Since this is a VH1 Classics release, obviously we have to have some Unplugged as bonus tracks. There are two. The first is “Don’t Tell Me You Love Me”. Uh, no. No. No. No. There are just certain tracks that do not apply themselves to the Unplugged treatment. This is one of them. The song was done perfectly the first time. It needs the driving rhythm guitars and keyboard flourishes to work. This doesn’t. Of course, I love “Don’t Tell Me You Love Me” so much that any treatment like this could be considered an abomination. The other song chosen, however, does fit in with an Unplugged treatment. Unfortunately, it’s “Sister Christian”. If all traces of that song were suddenly wiped from existence, I wouldn’t mourn.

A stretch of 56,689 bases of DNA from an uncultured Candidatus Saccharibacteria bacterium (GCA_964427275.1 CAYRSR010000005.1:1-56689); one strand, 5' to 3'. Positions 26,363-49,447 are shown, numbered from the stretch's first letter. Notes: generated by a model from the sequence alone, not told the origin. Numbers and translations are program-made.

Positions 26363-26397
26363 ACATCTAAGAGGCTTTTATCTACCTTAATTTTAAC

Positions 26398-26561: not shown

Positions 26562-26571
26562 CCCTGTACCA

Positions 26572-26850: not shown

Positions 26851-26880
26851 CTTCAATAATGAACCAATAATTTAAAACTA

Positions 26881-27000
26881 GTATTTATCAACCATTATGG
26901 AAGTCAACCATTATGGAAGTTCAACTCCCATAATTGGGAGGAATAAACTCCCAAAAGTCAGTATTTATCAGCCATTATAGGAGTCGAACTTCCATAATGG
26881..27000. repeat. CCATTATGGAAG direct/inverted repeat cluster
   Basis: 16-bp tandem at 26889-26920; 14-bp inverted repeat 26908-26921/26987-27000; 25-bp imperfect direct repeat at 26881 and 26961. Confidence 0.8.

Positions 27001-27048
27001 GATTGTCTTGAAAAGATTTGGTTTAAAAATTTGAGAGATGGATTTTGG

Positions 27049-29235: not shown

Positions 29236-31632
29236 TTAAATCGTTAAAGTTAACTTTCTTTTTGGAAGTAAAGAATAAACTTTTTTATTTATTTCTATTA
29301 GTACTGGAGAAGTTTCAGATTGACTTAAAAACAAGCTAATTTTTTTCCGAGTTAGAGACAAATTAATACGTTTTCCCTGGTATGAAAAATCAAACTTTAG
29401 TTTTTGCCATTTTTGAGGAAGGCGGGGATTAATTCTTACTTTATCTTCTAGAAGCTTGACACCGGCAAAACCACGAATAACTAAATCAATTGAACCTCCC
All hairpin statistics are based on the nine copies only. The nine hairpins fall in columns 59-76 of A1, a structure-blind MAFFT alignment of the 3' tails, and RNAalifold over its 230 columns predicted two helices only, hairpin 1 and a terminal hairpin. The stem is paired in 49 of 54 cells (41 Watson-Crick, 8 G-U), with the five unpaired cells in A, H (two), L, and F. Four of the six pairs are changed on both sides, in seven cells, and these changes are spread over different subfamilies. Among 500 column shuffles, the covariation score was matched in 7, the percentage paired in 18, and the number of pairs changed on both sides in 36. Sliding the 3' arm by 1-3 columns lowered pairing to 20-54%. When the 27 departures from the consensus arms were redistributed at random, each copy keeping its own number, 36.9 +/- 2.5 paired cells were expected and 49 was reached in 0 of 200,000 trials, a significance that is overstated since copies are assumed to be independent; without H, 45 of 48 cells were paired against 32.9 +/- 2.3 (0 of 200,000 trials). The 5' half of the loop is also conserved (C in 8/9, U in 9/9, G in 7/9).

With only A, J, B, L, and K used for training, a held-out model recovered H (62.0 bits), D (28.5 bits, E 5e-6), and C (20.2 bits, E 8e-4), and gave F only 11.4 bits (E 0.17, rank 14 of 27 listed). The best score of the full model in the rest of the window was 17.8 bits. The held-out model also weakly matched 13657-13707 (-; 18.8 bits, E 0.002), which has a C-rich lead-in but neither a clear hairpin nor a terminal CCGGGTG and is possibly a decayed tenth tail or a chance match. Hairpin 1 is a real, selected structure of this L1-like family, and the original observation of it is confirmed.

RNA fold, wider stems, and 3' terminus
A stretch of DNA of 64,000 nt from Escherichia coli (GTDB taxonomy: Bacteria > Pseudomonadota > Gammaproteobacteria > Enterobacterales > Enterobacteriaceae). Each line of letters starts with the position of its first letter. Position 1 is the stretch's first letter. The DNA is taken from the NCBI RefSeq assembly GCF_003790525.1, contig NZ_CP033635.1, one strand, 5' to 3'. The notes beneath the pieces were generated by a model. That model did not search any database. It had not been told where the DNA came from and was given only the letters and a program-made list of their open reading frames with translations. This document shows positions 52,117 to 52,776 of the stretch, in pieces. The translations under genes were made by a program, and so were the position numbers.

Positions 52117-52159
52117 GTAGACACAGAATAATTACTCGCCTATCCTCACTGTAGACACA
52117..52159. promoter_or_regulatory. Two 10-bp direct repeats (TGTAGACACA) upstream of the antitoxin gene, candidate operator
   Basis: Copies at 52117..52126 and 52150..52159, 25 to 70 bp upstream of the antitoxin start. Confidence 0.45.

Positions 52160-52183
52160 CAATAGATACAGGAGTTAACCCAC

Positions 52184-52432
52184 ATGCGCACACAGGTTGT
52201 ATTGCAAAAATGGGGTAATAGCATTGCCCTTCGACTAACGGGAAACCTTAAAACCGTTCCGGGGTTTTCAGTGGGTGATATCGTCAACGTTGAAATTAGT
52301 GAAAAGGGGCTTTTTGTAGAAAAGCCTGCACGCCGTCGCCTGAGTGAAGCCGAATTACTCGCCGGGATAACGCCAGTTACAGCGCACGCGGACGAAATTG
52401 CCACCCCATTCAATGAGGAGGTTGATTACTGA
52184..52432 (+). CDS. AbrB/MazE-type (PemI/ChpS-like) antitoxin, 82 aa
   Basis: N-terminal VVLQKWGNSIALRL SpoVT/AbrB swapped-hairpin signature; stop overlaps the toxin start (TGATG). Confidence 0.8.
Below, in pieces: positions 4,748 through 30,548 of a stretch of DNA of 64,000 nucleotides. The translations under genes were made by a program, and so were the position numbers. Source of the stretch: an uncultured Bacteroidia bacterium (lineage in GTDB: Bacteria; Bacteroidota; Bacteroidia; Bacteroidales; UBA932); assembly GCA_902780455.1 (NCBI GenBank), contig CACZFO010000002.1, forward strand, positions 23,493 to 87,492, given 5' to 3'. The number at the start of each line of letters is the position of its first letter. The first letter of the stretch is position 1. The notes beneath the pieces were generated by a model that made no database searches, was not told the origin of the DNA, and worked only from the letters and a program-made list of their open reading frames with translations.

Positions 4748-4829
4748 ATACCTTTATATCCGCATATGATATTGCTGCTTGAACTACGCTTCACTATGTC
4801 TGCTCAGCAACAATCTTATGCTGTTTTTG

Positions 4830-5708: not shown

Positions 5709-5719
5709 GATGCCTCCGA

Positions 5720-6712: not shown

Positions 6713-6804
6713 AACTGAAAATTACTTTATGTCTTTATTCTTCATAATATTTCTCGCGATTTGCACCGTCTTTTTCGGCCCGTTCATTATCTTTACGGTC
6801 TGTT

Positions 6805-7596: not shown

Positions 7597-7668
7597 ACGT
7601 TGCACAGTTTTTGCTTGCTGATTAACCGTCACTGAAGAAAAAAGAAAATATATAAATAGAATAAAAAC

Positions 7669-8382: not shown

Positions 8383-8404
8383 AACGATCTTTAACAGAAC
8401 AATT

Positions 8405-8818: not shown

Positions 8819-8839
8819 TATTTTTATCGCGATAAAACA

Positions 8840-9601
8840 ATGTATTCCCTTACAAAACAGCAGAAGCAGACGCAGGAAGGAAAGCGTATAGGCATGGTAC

All in all, Hole in the Sun is a strong comeback effort punctuated with moments of weakness and saddled with extras that don’t enhance the marketability, unless you’re one of those people who love “Sister Christian”, in which case, I don’t want to know who you are. In general, it successfully looks back to Night Ranger’s strongest commercial period and reestablishes them as a force. It’s a good gateway to get people into looking into what they were doing twenty years ago. There isn’t a track here that’s going to be as timeless as what they were doing then, but it’s worthy. They could have done far worse than this. The name and legacy of Night Ranger are more enhanced than depreciated. Thus, mission accomplished.